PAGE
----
A Shocking Dr. Manhattan Reveal Shakes Everything Up in 'Watchmen' (RECAP)
[Warning: The below contains MAJOR spoilers for Watchmen Season 1 Episode 7, "An Almost Religious Awe."]
Somewhere around the mid-point of the season, specifically the Looking Glass origin story, Damon Lindelof's Watchmen went from a very good show to a great show, and it hasn't let up since. That momentum continues this week in "An Almost Religious Awe" (written by Stacy Osei-Kuffour & Claire Kiechel), another hour of bold storytelling, thrilling surprises, and dazzling visual flourishes. Other than one big gaseous misstep (which I'll get to later), this episode stands up as one of the best of the season.
In a show where characters hide their true feelings and intentions behind a mask, it's refreshing to see plans finally divulged here. Firstly, the mysterious Lady Trieu (Hong Chau) admits to injecting Nostalgia into her daughter, Bian (Jolie Hoang-Rappaport), who it turns out isn't her daughter at all, but in fact, a clone of her mother! It's evidence of Lady Trieu's hypocrisy, as she claims publicly to have invented Nostalgia so that people could learn from the past and evolve, to move into the future rather than fixate on the past. And yet, she refuses to move on.
Trieu also tells Angela (Regina King) that her grandfather, Will (Louis Gossett Jr.), came to her to help stop the Seventh Kavalry, who apparently plans to destroy and then become Dr. Manhattan. "That's the craziest s**t I've ever heard," says Angela, who spends the majority of the episode hooked up to tubes in Trieu's Tulsa facility, drifting in and out of memories. But it's the truth. We now know that Senator Joe Keene (James Wolk) and the 7K are a modernized version of the Cyclops—the underground white supremacist group that Will (aka Hooded Justice) uncovered back in the 1930s.
Meanwhile, Agent Laurie Blake (Jean Smart) finds herself at the mercy of the 7K after she confronts Jane Crawford (Frances Fisher) about her late husband's secret racist life. Of course, Jane knew all about Judd's extracurricular activities and doesn't even try to feign ignorance. Instead, she sends Laurie awkwardly (and hilariously) crashing through a trap door in her living room—once she can get the remote control working, that is. "A trap door, really?" Laurie mocks when she comes face to face with Senator Keene.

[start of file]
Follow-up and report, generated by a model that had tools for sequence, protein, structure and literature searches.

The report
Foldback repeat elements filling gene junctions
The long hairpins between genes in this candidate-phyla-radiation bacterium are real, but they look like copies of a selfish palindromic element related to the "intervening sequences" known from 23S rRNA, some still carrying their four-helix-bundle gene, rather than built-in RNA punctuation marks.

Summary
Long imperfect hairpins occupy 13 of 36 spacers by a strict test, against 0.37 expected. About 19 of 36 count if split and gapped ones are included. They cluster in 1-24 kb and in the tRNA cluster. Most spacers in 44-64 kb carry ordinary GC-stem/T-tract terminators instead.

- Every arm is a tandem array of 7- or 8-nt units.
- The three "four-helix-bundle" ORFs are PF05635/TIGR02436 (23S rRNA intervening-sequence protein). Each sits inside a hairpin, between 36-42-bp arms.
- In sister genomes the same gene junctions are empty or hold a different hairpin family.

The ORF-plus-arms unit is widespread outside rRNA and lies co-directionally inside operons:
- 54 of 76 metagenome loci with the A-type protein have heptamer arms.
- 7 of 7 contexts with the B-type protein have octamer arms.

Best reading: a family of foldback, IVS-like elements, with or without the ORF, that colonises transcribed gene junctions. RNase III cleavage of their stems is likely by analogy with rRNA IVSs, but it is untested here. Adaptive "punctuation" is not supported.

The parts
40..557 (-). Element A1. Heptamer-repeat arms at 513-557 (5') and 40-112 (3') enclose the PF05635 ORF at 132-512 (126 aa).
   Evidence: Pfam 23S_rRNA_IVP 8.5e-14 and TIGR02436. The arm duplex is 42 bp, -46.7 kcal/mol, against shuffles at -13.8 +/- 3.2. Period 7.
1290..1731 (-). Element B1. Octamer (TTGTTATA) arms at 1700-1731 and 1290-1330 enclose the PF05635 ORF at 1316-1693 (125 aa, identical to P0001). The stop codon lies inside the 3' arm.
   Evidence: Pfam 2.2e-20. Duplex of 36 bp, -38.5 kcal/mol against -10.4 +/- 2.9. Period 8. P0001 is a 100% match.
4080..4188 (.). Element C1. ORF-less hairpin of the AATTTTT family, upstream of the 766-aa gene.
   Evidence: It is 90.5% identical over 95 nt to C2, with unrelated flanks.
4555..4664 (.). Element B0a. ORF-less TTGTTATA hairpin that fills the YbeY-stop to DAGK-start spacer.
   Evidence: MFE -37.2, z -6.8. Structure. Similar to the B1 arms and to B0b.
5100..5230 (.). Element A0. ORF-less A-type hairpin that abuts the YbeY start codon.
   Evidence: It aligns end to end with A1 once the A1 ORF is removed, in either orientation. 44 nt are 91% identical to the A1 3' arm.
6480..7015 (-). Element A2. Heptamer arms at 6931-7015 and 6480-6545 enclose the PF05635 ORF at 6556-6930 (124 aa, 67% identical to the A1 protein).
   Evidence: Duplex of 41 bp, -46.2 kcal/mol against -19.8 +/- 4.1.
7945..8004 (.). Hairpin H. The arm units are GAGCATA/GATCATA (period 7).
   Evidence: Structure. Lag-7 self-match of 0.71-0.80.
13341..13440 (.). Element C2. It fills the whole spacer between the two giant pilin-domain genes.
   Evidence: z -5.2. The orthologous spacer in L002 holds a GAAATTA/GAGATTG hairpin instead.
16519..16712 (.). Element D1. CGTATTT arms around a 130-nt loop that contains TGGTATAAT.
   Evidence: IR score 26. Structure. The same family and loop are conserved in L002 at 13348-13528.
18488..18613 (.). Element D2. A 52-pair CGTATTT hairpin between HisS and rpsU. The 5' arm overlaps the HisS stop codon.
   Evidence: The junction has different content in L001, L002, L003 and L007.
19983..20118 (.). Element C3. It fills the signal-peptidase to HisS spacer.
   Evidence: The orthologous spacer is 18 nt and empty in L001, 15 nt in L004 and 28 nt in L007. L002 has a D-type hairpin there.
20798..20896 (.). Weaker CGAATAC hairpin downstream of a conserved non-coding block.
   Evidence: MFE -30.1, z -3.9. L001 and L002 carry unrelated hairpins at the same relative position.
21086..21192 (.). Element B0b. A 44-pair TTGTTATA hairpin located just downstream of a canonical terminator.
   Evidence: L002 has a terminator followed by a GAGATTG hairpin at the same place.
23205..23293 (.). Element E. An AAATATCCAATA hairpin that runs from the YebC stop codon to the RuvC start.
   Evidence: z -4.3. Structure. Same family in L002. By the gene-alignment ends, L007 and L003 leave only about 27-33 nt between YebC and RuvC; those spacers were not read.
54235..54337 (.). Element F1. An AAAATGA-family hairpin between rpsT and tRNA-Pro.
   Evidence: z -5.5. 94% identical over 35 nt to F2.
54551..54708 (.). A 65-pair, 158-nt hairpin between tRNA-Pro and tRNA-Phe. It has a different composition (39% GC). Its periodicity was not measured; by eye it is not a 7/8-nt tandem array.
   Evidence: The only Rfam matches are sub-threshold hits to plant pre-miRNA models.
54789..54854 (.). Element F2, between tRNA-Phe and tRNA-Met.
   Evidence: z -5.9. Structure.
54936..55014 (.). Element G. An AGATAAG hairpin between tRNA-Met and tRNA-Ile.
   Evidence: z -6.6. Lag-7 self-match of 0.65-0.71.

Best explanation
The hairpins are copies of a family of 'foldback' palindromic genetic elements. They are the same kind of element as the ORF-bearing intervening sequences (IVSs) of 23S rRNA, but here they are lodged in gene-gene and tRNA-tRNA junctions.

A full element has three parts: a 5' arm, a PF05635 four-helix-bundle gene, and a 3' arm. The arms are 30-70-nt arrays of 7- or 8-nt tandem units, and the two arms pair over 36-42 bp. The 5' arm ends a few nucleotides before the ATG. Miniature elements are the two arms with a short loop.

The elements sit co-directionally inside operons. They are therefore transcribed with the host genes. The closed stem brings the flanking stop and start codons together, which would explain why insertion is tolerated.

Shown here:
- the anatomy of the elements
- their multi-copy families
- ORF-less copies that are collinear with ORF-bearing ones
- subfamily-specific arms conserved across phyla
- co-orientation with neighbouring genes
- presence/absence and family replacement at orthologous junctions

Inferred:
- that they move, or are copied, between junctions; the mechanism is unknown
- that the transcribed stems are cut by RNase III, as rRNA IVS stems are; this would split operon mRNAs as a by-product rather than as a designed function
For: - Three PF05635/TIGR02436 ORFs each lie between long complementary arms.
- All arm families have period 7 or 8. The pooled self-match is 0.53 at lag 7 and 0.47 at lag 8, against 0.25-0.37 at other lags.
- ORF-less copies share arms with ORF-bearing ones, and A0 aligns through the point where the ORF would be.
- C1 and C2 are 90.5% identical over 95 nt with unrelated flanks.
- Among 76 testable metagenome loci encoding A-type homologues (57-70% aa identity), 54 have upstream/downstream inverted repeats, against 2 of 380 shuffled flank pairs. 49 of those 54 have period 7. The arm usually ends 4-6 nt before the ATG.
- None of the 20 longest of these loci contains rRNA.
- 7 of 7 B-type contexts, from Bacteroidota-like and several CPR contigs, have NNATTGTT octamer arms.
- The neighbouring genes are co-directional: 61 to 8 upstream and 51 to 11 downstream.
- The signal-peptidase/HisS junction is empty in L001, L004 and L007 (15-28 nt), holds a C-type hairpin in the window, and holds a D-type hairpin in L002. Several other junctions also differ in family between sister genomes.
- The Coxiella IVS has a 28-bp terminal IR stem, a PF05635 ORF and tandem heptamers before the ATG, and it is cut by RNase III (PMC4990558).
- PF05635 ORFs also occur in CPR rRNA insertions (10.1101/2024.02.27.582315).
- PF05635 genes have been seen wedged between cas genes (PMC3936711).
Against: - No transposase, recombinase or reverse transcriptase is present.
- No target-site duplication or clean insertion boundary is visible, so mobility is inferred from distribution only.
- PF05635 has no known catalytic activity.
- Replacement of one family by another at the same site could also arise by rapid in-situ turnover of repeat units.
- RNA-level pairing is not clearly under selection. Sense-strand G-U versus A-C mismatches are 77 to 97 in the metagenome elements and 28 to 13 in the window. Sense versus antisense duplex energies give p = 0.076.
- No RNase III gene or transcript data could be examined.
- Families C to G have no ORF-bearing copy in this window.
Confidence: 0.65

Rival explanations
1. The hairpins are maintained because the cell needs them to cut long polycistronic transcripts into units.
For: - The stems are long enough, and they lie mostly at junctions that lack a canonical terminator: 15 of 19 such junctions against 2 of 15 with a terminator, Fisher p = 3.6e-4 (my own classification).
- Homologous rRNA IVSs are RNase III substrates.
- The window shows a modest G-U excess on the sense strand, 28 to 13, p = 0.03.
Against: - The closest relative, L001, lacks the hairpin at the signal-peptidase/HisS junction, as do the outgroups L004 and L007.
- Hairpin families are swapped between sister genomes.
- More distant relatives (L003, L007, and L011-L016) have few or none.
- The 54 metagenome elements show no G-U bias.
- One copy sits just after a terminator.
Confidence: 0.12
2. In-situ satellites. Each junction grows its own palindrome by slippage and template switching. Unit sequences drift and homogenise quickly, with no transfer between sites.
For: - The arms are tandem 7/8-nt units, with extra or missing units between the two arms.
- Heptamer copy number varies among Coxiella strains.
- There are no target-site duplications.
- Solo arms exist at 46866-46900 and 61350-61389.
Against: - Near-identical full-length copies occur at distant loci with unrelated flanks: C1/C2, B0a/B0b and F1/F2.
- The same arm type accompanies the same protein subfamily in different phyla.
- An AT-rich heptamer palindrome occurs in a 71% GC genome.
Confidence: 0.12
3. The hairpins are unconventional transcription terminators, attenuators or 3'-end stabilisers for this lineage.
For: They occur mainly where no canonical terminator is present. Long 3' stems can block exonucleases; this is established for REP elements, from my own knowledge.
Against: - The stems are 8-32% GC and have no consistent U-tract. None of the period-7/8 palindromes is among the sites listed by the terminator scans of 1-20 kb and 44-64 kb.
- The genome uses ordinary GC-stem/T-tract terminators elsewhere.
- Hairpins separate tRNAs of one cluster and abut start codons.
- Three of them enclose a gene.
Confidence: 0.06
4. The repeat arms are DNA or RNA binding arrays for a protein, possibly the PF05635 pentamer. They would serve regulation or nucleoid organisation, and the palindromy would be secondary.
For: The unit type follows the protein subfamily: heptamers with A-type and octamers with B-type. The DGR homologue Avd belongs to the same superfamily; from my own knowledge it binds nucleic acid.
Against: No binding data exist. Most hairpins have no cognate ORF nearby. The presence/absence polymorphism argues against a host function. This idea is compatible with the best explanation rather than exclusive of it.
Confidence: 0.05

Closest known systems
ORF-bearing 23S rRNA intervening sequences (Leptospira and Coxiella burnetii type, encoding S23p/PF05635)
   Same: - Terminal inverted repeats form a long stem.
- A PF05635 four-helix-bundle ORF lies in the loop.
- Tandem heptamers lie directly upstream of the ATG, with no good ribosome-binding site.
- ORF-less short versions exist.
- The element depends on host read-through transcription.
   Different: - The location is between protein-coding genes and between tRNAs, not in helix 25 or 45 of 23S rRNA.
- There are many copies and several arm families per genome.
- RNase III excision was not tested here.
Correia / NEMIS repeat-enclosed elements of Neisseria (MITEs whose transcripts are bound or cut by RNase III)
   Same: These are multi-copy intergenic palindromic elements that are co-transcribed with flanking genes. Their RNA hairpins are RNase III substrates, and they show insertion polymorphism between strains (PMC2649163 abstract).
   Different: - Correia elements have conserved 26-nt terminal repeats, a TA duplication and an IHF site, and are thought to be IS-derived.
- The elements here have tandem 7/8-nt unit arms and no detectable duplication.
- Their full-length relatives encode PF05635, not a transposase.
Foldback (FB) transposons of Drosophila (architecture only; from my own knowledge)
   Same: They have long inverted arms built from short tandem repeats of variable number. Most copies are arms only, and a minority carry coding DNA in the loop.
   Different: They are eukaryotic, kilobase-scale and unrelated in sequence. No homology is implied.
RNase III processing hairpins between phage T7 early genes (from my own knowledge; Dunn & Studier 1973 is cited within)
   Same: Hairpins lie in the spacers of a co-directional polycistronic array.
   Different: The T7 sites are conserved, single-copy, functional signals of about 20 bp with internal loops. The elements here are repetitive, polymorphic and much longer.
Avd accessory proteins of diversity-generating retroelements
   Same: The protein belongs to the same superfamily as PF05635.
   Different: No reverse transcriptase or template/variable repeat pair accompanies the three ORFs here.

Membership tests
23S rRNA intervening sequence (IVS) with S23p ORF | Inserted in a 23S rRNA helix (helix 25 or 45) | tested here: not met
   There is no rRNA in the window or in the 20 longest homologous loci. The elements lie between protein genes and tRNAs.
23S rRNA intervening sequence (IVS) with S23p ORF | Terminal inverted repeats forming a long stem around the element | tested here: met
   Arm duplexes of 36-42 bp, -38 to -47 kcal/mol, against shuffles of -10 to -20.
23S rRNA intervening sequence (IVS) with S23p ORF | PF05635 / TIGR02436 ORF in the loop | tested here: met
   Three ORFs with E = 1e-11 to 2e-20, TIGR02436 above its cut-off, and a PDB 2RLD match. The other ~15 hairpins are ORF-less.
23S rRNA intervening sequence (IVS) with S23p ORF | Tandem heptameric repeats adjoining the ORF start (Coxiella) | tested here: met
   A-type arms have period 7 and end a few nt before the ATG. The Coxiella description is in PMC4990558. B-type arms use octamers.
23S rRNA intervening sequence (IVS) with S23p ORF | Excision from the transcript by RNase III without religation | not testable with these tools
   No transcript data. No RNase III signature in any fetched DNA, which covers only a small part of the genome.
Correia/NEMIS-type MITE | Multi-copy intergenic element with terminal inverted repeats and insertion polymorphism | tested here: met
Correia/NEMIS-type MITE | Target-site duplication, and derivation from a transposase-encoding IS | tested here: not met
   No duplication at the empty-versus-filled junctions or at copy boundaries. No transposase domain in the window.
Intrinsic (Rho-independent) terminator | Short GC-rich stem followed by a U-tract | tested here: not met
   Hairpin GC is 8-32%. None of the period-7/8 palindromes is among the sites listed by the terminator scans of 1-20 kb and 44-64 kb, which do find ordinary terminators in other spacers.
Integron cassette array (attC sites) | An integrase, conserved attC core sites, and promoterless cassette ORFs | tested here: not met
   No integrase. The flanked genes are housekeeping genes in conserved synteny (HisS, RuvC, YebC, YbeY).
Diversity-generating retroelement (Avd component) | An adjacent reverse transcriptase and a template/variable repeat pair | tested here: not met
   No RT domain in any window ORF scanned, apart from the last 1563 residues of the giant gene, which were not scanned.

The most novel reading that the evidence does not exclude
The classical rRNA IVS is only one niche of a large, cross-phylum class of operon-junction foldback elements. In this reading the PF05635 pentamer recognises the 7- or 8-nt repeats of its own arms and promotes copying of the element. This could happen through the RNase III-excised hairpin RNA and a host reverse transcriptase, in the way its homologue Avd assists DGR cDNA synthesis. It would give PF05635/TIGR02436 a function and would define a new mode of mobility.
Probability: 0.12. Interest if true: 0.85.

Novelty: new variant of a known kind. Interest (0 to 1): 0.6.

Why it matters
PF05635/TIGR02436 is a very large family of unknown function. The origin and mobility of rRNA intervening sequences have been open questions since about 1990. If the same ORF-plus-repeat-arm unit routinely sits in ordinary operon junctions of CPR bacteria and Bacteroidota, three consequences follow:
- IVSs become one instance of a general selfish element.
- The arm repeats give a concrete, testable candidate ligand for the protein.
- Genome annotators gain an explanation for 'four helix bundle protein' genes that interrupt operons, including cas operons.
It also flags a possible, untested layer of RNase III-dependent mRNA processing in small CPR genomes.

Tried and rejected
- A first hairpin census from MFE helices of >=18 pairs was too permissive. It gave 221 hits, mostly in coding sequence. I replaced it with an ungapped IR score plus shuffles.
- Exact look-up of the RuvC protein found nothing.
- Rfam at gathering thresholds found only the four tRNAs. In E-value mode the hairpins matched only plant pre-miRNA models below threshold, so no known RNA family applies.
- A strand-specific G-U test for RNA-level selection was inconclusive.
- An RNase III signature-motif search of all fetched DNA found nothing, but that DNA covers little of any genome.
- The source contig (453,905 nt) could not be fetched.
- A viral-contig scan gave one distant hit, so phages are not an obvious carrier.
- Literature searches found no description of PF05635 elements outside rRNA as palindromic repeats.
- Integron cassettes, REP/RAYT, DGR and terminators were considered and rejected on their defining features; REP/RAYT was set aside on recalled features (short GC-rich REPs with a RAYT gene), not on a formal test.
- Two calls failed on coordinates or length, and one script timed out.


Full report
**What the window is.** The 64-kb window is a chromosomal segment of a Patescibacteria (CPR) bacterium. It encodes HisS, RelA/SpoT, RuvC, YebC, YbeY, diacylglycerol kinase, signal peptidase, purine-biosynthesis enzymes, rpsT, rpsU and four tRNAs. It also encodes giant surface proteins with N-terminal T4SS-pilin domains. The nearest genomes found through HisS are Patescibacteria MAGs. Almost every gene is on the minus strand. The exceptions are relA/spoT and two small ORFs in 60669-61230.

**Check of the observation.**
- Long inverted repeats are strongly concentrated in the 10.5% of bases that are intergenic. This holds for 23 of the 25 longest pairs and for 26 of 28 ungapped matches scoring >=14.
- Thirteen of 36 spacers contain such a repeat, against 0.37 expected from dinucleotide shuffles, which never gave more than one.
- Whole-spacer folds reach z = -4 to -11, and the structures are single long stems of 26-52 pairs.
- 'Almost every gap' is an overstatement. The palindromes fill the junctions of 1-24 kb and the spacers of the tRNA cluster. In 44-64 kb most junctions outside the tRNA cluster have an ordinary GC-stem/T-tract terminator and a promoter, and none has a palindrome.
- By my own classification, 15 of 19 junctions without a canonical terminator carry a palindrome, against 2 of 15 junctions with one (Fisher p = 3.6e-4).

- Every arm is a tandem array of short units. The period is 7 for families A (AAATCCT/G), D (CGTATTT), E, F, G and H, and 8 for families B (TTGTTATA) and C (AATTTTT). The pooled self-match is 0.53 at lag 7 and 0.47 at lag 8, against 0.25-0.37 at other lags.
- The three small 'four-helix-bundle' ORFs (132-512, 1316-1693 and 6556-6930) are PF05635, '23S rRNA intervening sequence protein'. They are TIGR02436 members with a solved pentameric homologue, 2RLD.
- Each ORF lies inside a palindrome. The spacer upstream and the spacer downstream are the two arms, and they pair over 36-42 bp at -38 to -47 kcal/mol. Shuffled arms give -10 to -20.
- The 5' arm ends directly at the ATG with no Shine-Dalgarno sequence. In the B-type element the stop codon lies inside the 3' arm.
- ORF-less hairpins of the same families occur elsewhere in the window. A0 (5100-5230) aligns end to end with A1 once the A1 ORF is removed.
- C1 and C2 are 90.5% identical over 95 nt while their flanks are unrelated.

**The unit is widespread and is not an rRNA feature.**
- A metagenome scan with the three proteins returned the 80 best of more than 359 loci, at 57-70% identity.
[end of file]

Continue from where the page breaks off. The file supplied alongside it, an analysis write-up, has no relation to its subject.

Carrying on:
Laurie's "seen-it-all-before" disdain adds some necessary humor to the proceedings, which could otherwise come across as self-serious or overindulgent. "Want me to ask you about your plan? Fine. Just know I don't give a s**t," she tells Keene. The thing is, though, a lot of Laurie's nonchalance is a front, a sort of mask of her own making. She acts unfazed, but she knows Keene's rhetoric about "restoring the country's balance" is dangerous. "It's extremely difficult to be a white man in America right now," he says, a statement as laughable as it is scary, given it's a viewpoint shared by certain people in the real world. "So, I might try to be a blue one."
Speaking of the "blue one," Dr. Manhattan is central to the plans and the events of this episode, despite not physically appearing himself—well, at least not in blue form. Arguably the most iconic character from the original comic, Dr. Manhattan has operated on the outskirts of the season so far. He's been referenced in news footage, stage-plays, and even sex toys, but he hasn't had a direct impact on the narrative. However, Dr. Manhattan is always present, or perhaps a better word is omnipresent. Even from a whole light year away, his foreboding presence is felt... and boy is it felt in a big way this episode.
Just as last week's "This Extraordinary Being" reshaped Watchmen history with its Hooded Justice revelation, so too does "An Almost Religious Awe," which drops a nuclear-sized bombshell in its closing moments. There's no point burying the headline any longer: Dr. Manhattan is not on Mars; he's on Earth, in Tulsa, disguised as a human. The fact that that human turns out to be Angela's husband Cal (Yahya Abdul-Mateen II) is just one of many head-spinning reveals across this episode.
Even more shocking is that Angela knew about this all along and was protecting Dr. Manhattan by hiding him in a human host; Cal's amnesia-causing "car accident" was merely a cover story. I guess Angela's father was right when he said: "People who wear masks are dangerous... they're hiding something." This is an absolute game-changer. And just when the other plotlines were starting to come into focus! I like to think that Angela bashing Cal's brains in with a hammer was a visual representation of how the audience felt in that precise moment. I'm still trying to wrap my head around it. Was Cal a clone? How long has Dr. Manhattan been on Earth? And what is his connection to Angela?